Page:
It was a fun enough job I suppose, and gave me valuable experience in dealing with maniac youngsters that would come in handy when I someday decided to buy my own (more on this to come!)

There were a few stakes winners that came and went, but for the most part as I recall the situation, the establishment was primarily a tax shelter for a rich restaurateur, and therefore the quality of the horses bred there was not of paramount importance.  As a result, there was a mixed bag of claiming race divas on site, now hairy and saggy and pumping out new claiming race type babies with the help of a few equally as saggy and hairy stallions.

Now some of the mares were nice enough visually I suppose - but none had been under saddle as anything other than racehorses, and even that was probably 5+ years ago in most cases at the time, circa 1986.  They were all far from racing fit by the time I knew them, and so I guess we could say they were "built like warmbloods" (i.e. - fat).  Actually, back in the day we didn't even know what a warmblood was yet.  Any horse with a nice topline and round bum was "fancy", and any horse over 16 hh was "huge" - some of these ladies qualified.  Now and then, while scoopin the poop and shooting the shit, we would play "which horse would you turn into your hunter" as teenagers like to do, but never expected anything to ever come of this.

I have to stop thinking this, don't I.  Because nothing is ever a dead end in the horse world.

Fast forward - oh, 20 years.  When Dressage Curmudgeon first starts to learn about "the Canadian Sport Horse".

While shopping, I looked at a horse sired by a Canadian Sporthorse by the name of "Dancing Eudardo*".  Not my favourite name of all time, sounds like a good name for a stripper at the Foxxes Den, but whatever...he is  a WARMBLOOD, right?  And that is why the breeder is asking $10,000+ for the offspring, makes sense, I guess.

The resulting filly that I went to see was just ok.  As were most of the "TB x warmblood" Canadian Sporthorses that I ended up looking at.  Nice looking, but just not WOW.  She was similar to 50 other horses that you would see at any average trillium show.  It was confusing to me, frankly.  What is the deal with these fabulous new "warmbloods"?  I am not feeling it.

When I got home, I started doing some stalking to find out more about the sire...allbreedpedigreequery is a wonderful thing. Hmmm... let's see... his mom was actually a Thoroughbred,  not a "warmblood", named Dancing Lois*..ok, that makes the stripper name theme a bit more logical if nothing else...

Whaaa...WTF? Just a minute here..Lois!  Dancing Lois!  I know that horse!  She was one of the saggy claiming race divas!  How could that be?

I was just like Fox Mulder.  (Not Scully.  I can't run in heels that well).  I had discovered the truth - it was out there.  I started searching the names of all of the Saggies.  Dish of Pepper - yep, she was bred to Goldshaleger to create "Ghostrunner*", another "Canadian Sporthorse" Stallion.

Her offspring, Love in My Butt* who was still racing during my time there - yep, she had a "warmblood" baby out there who strangely enough was one of the first so-called "Hanoverians" I had run into during my travels in the H/J circles - a big solid horse with a totally unbeatable temperament, but that was dog ugly and nothing special in the movement department either... well, now I know why she didn't dazzle me as I expected to be dazzled by a "warmblood".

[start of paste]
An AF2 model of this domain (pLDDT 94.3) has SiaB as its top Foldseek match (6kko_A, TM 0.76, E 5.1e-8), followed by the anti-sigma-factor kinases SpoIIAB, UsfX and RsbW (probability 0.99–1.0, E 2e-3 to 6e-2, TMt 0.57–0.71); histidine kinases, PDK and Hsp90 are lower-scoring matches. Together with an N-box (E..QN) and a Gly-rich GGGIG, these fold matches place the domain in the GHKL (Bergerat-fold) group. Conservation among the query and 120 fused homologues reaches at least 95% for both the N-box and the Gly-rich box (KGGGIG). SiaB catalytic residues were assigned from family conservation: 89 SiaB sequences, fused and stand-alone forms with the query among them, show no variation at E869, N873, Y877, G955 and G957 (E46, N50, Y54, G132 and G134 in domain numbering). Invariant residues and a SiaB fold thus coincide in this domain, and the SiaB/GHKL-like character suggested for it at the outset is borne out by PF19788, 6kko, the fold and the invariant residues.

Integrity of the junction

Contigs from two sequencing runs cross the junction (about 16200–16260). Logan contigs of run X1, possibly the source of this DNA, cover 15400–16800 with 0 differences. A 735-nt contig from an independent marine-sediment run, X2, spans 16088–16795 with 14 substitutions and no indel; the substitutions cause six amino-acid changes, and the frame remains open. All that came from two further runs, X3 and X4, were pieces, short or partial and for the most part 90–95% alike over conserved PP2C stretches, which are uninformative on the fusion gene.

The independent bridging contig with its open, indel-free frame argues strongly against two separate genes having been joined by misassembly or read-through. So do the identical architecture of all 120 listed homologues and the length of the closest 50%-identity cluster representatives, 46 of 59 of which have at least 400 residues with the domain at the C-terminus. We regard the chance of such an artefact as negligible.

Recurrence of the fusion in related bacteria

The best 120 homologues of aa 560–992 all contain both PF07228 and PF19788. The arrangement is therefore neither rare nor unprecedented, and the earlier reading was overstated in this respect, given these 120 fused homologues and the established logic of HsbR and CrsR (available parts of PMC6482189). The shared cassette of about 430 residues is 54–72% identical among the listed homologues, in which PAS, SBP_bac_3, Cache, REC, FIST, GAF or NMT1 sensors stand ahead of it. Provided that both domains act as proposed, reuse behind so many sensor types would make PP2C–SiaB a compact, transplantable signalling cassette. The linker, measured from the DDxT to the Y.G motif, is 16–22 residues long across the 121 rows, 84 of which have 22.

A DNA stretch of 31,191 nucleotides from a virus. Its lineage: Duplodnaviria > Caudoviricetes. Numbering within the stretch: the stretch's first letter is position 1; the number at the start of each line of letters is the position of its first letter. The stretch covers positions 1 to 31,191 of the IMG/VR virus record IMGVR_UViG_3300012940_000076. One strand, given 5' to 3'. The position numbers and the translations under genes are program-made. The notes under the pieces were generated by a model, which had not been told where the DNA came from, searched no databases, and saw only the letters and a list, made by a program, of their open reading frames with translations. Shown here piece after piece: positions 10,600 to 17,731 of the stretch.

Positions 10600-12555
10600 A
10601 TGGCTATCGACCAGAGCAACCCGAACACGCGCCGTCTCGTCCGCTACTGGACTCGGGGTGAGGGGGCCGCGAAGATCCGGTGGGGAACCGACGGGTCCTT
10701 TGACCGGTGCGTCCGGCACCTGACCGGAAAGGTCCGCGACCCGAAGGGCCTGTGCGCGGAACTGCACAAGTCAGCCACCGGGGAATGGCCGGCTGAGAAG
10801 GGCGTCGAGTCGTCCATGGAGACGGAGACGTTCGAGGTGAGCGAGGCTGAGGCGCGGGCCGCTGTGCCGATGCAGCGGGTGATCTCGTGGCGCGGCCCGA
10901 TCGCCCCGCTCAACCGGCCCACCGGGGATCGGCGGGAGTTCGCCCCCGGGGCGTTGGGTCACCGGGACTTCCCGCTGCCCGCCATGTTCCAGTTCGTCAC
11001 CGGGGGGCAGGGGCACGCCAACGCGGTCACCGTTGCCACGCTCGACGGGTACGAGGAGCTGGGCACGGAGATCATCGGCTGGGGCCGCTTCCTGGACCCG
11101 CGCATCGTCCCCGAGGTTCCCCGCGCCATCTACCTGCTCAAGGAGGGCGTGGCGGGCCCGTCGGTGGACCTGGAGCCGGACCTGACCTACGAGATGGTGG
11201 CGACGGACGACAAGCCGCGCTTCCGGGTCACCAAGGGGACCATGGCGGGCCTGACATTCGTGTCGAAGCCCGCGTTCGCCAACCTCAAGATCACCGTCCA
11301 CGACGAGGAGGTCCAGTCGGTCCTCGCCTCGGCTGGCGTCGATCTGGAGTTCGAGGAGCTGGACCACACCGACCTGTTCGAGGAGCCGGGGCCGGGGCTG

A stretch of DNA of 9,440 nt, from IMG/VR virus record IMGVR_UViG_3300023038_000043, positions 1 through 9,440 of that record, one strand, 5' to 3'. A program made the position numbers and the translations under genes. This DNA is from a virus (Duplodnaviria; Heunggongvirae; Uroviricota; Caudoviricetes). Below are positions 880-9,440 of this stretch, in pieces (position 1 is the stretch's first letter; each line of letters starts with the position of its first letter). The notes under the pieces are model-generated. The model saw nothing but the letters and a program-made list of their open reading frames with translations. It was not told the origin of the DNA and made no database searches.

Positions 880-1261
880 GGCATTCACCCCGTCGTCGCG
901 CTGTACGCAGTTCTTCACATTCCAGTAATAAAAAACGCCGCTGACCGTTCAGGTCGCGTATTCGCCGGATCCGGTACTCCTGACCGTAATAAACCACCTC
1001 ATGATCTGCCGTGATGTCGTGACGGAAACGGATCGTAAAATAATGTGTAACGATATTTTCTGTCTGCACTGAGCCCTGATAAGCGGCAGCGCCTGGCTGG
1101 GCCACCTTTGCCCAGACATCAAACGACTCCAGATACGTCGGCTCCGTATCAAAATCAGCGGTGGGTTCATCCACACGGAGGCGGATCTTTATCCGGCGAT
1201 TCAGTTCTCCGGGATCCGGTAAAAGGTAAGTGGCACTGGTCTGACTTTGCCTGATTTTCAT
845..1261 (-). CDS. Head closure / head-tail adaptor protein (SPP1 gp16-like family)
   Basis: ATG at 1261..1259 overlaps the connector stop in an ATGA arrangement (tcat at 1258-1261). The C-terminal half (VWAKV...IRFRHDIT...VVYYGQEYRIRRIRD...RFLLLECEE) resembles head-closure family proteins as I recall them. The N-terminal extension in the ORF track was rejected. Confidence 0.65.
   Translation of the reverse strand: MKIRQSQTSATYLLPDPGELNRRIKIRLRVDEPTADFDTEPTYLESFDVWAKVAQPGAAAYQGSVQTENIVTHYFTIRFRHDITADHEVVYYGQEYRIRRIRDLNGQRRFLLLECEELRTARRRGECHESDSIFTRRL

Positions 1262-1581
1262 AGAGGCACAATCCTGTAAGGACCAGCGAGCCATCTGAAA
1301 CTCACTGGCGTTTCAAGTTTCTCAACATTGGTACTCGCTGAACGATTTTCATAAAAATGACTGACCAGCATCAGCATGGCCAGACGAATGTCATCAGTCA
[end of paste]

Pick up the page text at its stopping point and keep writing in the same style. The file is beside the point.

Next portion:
This was at least a little less disturbing - in this instance Love in My Butt was only the mare, creating a few offspring.  But why, why, why on Earth were the genetics of the other saggies being passed on to multiple mares via Stallions with absolutely no performance records associated with any of them?

Beats me.  But what I knew for sure was that I wasn't about to pay $10,000 for it.

For the record - neither of these stallions are currently approved for breeding with CSH - I am not sure if they ever were.  But people keep breeding them anyways!  I found a Holst/TB/Perch cross sired by one of these stallions advertised as a "CSH" just now, for $2000 (you guessed it...a PMU baby).

I guess this false marketing isn't CSH's fault, but it sure doesn't help their cause any.  

Had I not been an early adopter of the compulsive internet stalking habit, I would have never figured it out.  I potentially would have bought  the offspring at a premium as a "Canadian Sport Horse", sired by a "warmblood" (Not aged, off the track saggy mare spawn).  If I had wanted a TB, I would have rescued one...not that there is anything wrong with that...

And...if I can be a bit harsh - are the CSHA's standards high enough in the first place?  The mares - who at the time of their approvals must have been around 15 and 20 years of age - were not stunning specimens and had absolutely nothing to show in terms of performance, or even being ridden as something other than racehorses 10+ years ago, then wandering around a field for the remainder of their existence.  Should they have been approved at all?  Is that the best we have to offer with respect to foundation genetics here in Canada - big old TB's with the ability to cough up another baby?

I am not sure what the best way for them to clean up their act and image is... but it certainly does need some work.